There’s Much to Learn from the Crying Toyota CEO

 

Toyota was very much in the news recently and will be for some time as they continue to grapple with quality assurance issues. You might have been uncertain how to respond to the ritual bow of Mr. Akio Toyoda the president and chief executive officer when he appeared before a Congressional Committee to answer and explain the safety debacle that had descended upon the company that bears his name. Its stellar reputation was at stake and Mr. Toyoda was deeply sorrowful regarding the company’s performance affecting the safety of its customers. You might have also been very uncomfortable with the image of this executive crying before the Toyota dealers as he thanked them for standing with him and behind the brand. Think of it. The CEO of the largest automotive company was crying openly and without embarrassment. Crying from a sense of shame and having let many others down. Crying as an expression of personal responsibility for what has befallen the image and reputation of the company and everyone associated with it including his ancestry, family, workers and community where the company is headquartered. As the grandson of the founder, it is for him a huge burden.

Do you remember when Senator Edmund Muskie while campaigning to become the Republican candidate for president cried? In spite of the fact that he was defending his wife who had been attacked in the New Hampshire newspaper, The Manchester Union Leader, by its editor, he was labeled as weak and incapable of demonstrating the toughness demanded of the President of the United States.

Do you remember the ridicule heaped on Dallas Cowboy Terrell Owens when he broke down in tears as he came to the defense of quarterback Tony Romo? Then there was the incident, again with a New Hampshire connection, of Hillary Clinton in her campaign for the Democratic nomination. While explaining the personal nature of her fight for the office of president, we saw her eyes well up with tears. Many regarded this episode as a display, for probably the first time, of her vulnerability and many rejected it as drama.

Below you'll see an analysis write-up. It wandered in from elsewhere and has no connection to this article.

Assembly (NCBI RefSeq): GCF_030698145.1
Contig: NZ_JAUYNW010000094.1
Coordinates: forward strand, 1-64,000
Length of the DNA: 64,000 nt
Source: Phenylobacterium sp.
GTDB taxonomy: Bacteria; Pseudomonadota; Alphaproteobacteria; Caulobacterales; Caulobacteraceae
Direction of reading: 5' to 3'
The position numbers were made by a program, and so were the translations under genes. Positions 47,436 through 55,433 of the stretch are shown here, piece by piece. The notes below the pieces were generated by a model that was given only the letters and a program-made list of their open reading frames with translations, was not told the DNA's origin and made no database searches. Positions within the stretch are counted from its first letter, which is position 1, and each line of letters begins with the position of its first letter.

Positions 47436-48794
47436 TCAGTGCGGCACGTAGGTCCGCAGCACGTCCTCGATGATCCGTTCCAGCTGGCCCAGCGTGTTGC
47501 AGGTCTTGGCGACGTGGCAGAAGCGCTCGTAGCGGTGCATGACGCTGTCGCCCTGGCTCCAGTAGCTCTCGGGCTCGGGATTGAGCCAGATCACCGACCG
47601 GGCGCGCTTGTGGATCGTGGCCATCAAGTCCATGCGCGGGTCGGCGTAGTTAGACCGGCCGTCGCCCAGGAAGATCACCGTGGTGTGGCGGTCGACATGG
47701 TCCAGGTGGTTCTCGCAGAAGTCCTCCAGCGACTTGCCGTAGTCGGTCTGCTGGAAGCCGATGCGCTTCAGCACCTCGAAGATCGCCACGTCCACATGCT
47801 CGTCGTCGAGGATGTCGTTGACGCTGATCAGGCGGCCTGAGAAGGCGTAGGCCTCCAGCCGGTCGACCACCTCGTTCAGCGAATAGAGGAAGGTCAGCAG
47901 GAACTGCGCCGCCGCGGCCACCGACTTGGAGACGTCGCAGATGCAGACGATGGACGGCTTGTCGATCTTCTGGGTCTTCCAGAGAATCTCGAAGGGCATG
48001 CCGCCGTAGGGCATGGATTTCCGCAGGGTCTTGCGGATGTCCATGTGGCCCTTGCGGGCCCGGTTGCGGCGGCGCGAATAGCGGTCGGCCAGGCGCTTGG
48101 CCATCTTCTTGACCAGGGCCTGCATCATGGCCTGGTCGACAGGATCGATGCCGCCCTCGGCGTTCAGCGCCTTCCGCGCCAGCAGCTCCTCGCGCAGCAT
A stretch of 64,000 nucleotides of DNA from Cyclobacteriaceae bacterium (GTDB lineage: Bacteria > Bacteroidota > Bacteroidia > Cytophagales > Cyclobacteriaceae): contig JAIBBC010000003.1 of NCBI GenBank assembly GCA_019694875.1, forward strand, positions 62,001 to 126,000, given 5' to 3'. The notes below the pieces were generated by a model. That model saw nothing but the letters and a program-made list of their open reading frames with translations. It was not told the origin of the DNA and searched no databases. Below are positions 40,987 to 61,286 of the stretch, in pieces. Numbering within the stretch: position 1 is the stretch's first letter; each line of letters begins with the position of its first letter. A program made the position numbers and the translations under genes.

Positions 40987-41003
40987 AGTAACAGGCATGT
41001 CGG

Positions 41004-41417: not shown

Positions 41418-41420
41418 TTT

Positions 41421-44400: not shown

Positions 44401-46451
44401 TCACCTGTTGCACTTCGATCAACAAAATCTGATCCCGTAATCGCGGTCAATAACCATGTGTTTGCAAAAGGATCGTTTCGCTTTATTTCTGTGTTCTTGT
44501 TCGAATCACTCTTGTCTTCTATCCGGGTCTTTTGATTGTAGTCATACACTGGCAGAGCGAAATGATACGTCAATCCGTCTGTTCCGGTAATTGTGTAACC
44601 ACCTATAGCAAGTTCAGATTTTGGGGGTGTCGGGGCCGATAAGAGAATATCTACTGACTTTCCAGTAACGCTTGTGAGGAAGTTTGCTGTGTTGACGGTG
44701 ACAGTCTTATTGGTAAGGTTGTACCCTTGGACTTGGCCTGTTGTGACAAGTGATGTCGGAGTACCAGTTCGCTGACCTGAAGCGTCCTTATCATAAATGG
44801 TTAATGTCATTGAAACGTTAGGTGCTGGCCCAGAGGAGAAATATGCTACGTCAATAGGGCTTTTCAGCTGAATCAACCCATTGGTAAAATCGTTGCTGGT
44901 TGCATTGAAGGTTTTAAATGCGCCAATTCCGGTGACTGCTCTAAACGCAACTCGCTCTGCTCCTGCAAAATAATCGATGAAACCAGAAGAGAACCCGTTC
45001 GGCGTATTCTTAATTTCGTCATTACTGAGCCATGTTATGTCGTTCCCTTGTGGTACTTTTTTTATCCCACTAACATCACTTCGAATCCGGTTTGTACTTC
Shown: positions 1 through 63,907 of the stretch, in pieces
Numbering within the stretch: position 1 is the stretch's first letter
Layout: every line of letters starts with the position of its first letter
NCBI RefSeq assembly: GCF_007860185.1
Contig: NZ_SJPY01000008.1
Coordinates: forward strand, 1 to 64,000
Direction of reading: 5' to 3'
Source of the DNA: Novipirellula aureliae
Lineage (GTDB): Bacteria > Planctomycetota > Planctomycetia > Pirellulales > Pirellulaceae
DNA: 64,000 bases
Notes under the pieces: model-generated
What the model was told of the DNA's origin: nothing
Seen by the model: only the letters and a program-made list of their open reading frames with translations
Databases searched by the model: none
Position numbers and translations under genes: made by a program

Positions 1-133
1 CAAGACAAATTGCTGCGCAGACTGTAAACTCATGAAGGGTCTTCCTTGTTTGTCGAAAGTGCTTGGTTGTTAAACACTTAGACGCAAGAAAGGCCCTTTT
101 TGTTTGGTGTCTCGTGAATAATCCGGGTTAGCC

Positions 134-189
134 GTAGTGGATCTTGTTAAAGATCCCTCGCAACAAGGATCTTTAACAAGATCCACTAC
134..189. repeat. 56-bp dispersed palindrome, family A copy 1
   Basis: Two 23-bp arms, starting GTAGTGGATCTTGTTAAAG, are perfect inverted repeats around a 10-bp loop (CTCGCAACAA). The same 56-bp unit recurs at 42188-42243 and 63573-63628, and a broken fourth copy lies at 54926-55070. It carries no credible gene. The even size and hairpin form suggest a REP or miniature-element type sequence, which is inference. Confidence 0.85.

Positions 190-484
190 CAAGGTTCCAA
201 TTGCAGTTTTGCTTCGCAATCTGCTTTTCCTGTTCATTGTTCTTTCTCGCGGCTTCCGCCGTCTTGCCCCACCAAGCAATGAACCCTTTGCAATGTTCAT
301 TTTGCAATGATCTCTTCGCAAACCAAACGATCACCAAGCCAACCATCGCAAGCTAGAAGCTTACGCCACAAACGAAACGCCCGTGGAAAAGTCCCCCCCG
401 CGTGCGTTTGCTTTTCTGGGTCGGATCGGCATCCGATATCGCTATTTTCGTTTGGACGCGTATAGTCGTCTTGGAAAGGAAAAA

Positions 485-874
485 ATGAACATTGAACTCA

But notice that Mr. Toyoda’s apology was complete. There was none of this, “if I have offended anyone.” Notice too that none of the Americans who cried did so out of shame on themselves, their family, their community, their employees or their country. Every case was treated with a certain degree of ridicule or skepticism.  Notice that of all the recent bad behavior by public figures, none of them cried out of either shame or disgrace even though in some cases that might have evoked some degree of sympathy.

It’s not about why we cry as Americans; but about open apologies with tears the Japanese display that give us insight to a cultural phenomenon that may guide us in how we regard the diversity among us as a nation. Awareness should engender respect for those who are very much the mosaic that is our country. Dealing with cultural diversity demands a certain level of competence that enables all of us to interact and engage those who are different from ourselves so that together we can live cooperatively and not exclusively competitively.

We must be on guard never to stereotype any cultural group. There are however, patterns of conduct and beliefs that are identifiable when dealing with others and an awareness of these can accomplish the accelerated integration of these groups fully into our communities. It is the quintessence of escapism that allows us to live as if we are a homogenous nation while we trumpet the reality of globalism and simultaneously behave as if we can live apart from those who make up the variegated fabric of our nation.

Be it commerce, education, healthcare or competitive sports, the evidence is huge that we had better learn to welcome and live with those whose presence is continually reshaping the profile of our nation and reinforcing one of the values that is often repeated: Out of Many One Nation. Acquiring cultural competence is not just relevant to healthcare, but is central to effectiveness in education, business, athletics and community engagement.

 

September 30, 2010